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Warning: The following story described the sexual abuse we are working to prevent. This content is disturbing. We encourage all to emotionally prepare themselves before reading. 

In 2016, 12-year-old Chloe Randall often saw a young man on her jogging route. “I didn’t really think anything of it,” she later said. One day they struck up a conversation and he introduced himself as Matt. Matt told her he was 17 years old. They exchanged numbers and developed an online “friendship;” but unknown to Chloe he had begun grooming her. Matt wanted her to keep their friendship a secret—something the two of them could share. He showered her with compliments and told her everything that a 12-year-old girl would want to hear. 

Matt was slowly driving an emotional wedge between Chloe and her family. As Chloe’s trust in Matt increased, the wedge drove deeper. He implied that he would be there for her when her family would not, and encouraged her to feel safe and secure with him above all others. Over time, he would keep her emotionally off-balance. When the friendship was going the way he wanted, he would be kind; but when the friendship wasn’t going the way he wanted, he would become hateful—blaming her for endangering it. 

Months after their initial meeting, Chloe bumped into Matt while she was out running. He invited Chloe to get something to eat, so she got into his car expecting to grab a bite out. Instead, Matt drove her to his apartment and raped her. 

After driving Chloe home, he instructed her to hide all evidence of the rape and threatened her family if she ever told anyone. That night it was obvious to Chloe’s parents that something was seriously wrong. Chloe made the decision to confide in her parents despite the threats and lies Matt had been telling her. Chloe’s parents immediately comforted her, assuring her the rape was in no way her fault. They believed and supported her. 

As a family, they chose to go to the authorities. Together they stepped up and supported Chloe as she experienced hospital visits, continued discussions with the authorities, and faced her rapist in court. 

In the following months, many details emerged:

  • The rapist gave Chloe a false name, and he was 29 years old. 
  • It came to life that he had videoed her rape, published it on the internet, and made her contact details available to other pedophiles who began contacting her.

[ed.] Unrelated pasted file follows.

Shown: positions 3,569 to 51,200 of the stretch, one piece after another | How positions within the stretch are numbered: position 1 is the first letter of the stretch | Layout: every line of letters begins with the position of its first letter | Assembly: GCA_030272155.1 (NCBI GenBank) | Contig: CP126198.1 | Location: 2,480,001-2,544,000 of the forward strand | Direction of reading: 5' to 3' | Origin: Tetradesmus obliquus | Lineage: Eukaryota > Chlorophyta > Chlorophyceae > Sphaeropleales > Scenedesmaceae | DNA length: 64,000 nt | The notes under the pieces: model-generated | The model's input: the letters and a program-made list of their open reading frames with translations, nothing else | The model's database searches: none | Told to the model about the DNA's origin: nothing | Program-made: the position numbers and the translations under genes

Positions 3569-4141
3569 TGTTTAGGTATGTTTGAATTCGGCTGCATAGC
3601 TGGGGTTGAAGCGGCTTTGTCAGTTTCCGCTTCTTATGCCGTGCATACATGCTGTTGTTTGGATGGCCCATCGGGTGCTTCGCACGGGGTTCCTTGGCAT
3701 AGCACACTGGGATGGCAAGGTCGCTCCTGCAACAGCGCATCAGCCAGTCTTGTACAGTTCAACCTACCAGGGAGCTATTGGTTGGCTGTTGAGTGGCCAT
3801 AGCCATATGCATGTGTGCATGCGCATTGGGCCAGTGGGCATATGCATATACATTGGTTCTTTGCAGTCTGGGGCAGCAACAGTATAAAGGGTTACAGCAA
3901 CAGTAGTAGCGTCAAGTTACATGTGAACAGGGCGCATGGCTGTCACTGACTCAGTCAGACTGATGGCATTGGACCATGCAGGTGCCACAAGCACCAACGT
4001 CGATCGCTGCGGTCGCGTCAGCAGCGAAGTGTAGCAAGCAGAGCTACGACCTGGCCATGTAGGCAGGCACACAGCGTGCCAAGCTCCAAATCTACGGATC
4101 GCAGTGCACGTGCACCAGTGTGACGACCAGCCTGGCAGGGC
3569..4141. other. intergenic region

• Over 60,000 pieces of Child Sexual Abuse Material were discovered on his devices, some of them homemade. 
  • DNA evidence proved the rapist was linked to other unsolved rapes of children in their region, and this led to a 70-year prison sentence, effectively ensuring that he would remain in prison for the rest of his life. 

At the age of 15, Chloe made the incredibly brave decision to empower others by telling her story as a survivor of sexual abuse, sexual predation, and grooming. 

The Innocent Lives Foundation heard the powerful and heartbreaking story of Chloe Randall from a local news station in Kentucky in the late summer of 2019. Although Chloe and the Innocent Lives Foundation are unrelated in business, our missions overlap—primarily in spreading the awareness of the dangers of sexual predation and grooming. After having the honor of meeting Chloe and her parents, we were compelled to help her get started on her mission. To that end, we have created two videos to support her. 

An Intro to Chloe

The Story of Chloe Randall

By sharing Chloe’s story, we have an opportunity to help a lot of other kids who may not seek help, and through her story, other kids can understand they are not alone. 

To book Chloe for an event, please email [email protected] 

Who We Are

Headquartered in Orlando, FL, The Innocent Lives Foundation is a registered 501(c)3 nonprofit organization led by cybersecurity and technology experts, with the sole purpose of protecting children online. Using innovative online investigative tactics and techniques, ILF’s team hunts down the worst of the worst —pedophiles, sexual predators, and human traffickers — and provides critical evidence and identifying information to US and international law enforcement agencies to aid in their capture and arrest. Founded by renowned security expert Chris Hadnagy (aka “The Human Hacker”), the foundation’s executive board includes such notable figures such as Criminal Minds’ AJ Cook, Clutch lead singer Neil Fallon and former FBI Behavioral Analysis Program head, Robin Dreeke.